Although the British release date has yet to be announced (it has already aired in a few other countries), there is a new three part BBC television series of War of The Worlds which is due to be broadcast in the UK sometime before Christmas. Surprisingly, it is the first time that the novel has been adapted by a British broadcaster. I am hoping that this new version will be good enough to be considered as one of the classics and there are a couple of reasons for this.

For a start it will be the first screen version to be based close to the era of the original novel – although not set in Victorian times, it is based in the Edwardian era, so not far off. Also, it will be set geographically where the the novel was set, namely London and Surrey – not America for a change! On the whole, this appears to be the most faithful adaptation so far – I just hope it’s going to be good enough – apparently it was originally due to be broadcast last year but was delayed due to technical problems with the special effects in post production (well, I’m hoping that was the only reason!)

What I will be interested in seeing is it’s portrayal of the Curate (if he appears at all) in the BBC adaptation. In the original novel, he is more than a little unhinged by what’s going on – he believes that the Martians have been sent by God to punish us for our sins. This could be seen as a comment about the fragility of religious dogma in the face of indisputable circumstances, or, in other words, in the face of rational and scientific observation (in contrast to the curate, the narrator of the novel is portrayed as the voice of reason). When the curate looses it completely the narrator effectively kills him with a shovel for fear of being discovered by the Martians.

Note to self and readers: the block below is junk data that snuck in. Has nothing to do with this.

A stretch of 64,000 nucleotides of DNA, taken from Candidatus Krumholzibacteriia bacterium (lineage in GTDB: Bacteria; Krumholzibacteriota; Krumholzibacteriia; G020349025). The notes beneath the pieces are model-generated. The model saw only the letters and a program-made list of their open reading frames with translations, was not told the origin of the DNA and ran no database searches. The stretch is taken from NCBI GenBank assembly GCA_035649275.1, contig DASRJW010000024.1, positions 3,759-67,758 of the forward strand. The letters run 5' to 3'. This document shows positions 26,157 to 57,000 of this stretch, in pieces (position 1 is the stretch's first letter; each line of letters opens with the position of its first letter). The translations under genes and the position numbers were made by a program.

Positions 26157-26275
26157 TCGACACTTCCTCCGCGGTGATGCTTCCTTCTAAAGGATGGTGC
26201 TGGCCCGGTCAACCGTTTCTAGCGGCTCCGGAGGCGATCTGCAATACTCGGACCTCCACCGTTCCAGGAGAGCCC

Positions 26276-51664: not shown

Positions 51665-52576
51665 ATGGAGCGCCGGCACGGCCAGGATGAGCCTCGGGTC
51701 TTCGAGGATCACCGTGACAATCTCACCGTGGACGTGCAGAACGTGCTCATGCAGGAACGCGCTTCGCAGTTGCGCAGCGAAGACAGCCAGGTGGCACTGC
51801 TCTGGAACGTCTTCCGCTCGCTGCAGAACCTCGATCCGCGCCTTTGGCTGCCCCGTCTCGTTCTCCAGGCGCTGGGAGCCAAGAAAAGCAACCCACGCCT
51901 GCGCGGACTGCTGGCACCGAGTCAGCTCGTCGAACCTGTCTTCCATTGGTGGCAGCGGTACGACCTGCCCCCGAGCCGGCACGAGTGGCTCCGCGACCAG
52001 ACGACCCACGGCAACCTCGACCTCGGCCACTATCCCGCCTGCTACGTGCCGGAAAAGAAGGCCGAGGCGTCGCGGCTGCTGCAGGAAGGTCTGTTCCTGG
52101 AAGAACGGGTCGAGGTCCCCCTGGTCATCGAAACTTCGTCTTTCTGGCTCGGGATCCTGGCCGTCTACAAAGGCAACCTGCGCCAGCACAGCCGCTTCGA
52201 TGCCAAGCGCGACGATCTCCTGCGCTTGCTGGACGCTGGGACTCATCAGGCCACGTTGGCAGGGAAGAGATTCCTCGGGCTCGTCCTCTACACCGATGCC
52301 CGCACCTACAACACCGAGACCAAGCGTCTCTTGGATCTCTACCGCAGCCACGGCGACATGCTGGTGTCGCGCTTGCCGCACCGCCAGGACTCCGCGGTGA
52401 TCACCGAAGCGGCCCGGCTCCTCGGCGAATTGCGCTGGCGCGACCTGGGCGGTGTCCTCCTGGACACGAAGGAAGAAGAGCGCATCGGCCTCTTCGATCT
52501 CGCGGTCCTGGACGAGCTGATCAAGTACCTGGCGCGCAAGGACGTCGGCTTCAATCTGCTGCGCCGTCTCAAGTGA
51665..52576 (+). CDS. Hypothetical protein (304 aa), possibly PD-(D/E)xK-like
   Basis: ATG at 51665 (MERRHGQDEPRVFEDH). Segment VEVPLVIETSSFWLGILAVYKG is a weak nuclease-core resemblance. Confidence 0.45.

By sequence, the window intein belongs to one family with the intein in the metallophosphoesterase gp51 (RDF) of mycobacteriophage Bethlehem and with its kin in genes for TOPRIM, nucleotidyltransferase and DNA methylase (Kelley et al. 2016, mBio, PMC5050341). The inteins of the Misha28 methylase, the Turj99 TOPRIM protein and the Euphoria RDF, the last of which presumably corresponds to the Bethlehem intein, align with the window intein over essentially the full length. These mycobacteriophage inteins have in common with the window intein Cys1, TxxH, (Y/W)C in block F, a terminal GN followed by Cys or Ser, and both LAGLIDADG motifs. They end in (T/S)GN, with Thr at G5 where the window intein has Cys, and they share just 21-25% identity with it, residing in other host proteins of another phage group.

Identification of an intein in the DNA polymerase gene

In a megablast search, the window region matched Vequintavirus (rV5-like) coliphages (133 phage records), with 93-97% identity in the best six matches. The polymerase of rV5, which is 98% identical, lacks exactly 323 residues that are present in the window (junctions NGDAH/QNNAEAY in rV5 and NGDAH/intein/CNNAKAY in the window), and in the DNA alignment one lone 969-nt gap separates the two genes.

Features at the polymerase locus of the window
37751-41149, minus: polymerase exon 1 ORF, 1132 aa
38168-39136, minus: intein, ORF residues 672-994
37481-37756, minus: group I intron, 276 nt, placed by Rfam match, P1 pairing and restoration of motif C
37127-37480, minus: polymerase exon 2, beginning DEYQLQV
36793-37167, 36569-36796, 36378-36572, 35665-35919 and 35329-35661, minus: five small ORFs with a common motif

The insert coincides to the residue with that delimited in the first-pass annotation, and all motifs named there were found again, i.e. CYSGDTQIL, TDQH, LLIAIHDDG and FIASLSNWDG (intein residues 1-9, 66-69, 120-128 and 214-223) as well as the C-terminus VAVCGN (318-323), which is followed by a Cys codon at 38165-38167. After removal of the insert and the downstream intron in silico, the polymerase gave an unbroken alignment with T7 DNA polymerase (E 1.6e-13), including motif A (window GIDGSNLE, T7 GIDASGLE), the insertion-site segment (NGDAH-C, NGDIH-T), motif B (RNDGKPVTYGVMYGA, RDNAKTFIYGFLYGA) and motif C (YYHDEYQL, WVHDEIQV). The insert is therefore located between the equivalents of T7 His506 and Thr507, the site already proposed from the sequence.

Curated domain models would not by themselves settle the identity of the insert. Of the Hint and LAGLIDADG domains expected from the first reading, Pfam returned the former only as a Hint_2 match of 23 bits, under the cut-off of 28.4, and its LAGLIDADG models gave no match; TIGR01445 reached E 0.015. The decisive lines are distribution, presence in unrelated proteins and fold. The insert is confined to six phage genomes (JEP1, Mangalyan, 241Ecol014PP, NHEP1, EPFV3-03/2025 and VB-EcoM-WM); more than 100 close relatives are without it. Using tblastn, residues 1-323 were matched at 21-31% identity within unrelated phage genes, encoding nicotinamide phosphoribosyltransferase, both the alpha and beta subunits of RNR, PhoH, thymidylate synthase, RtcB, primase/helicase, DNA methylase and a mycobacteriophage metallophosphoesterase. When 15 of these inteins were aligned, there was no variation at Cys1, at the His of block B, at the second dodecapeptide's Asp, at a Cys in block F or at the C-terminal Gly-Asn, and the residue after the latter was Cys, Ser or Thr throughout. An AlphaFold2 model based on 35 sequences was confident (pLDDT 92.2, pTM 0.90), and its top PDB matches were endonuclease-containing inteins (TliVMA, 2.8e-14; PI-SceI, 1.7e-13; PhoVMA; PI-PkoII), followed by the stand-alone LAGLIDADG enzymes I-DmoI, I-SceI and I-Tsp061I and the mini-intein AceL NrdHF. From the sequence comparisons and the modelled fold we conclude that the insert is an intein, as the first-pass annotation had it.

Confronting the Martians with religion.

It is interesting to note that in the 1953 film version of the novel the religious representative, a Pastor, believes that the Martians must be essentially good beings because they too were made by God and that they will see the righteousness of God’s word. This belief is maintained even after having seen them kill other humans. He walks towards them reading from the Bible and swiftly gets blasted out of existence. Is this the way the world saw religion in the middle of the twentieth century, essentially powerless in the face of modernity and mechanisation, or was the Pastor a martyr standing up for religious belief no matter what. Interestingly, the film also has a scene in a church at the end when the Martians are dying, which suggests mankind was saved by the work of God.

In the 2005 Spielberg version the Curate does not make an appearance, but aspects of him are amalgamated with the artilleryman from the novel, in the form of Tim Robbins’ character – a crazed individual who wants to hunker down with the hope of planning a Guerrilla attack at some point in the future. He is killed with a shovel (like the Curate in the book) by Tom Cruise’s character through fear of discovery (apparently in this version the invaders were not from Mars, but some distant unnamed planet, largely because the idea of intelligent life on Mars has unfortunately been discredited). So, where is religion in this version (and for that matter, in the twenty-first century?) and will it feature at all in the new BBC adaptation?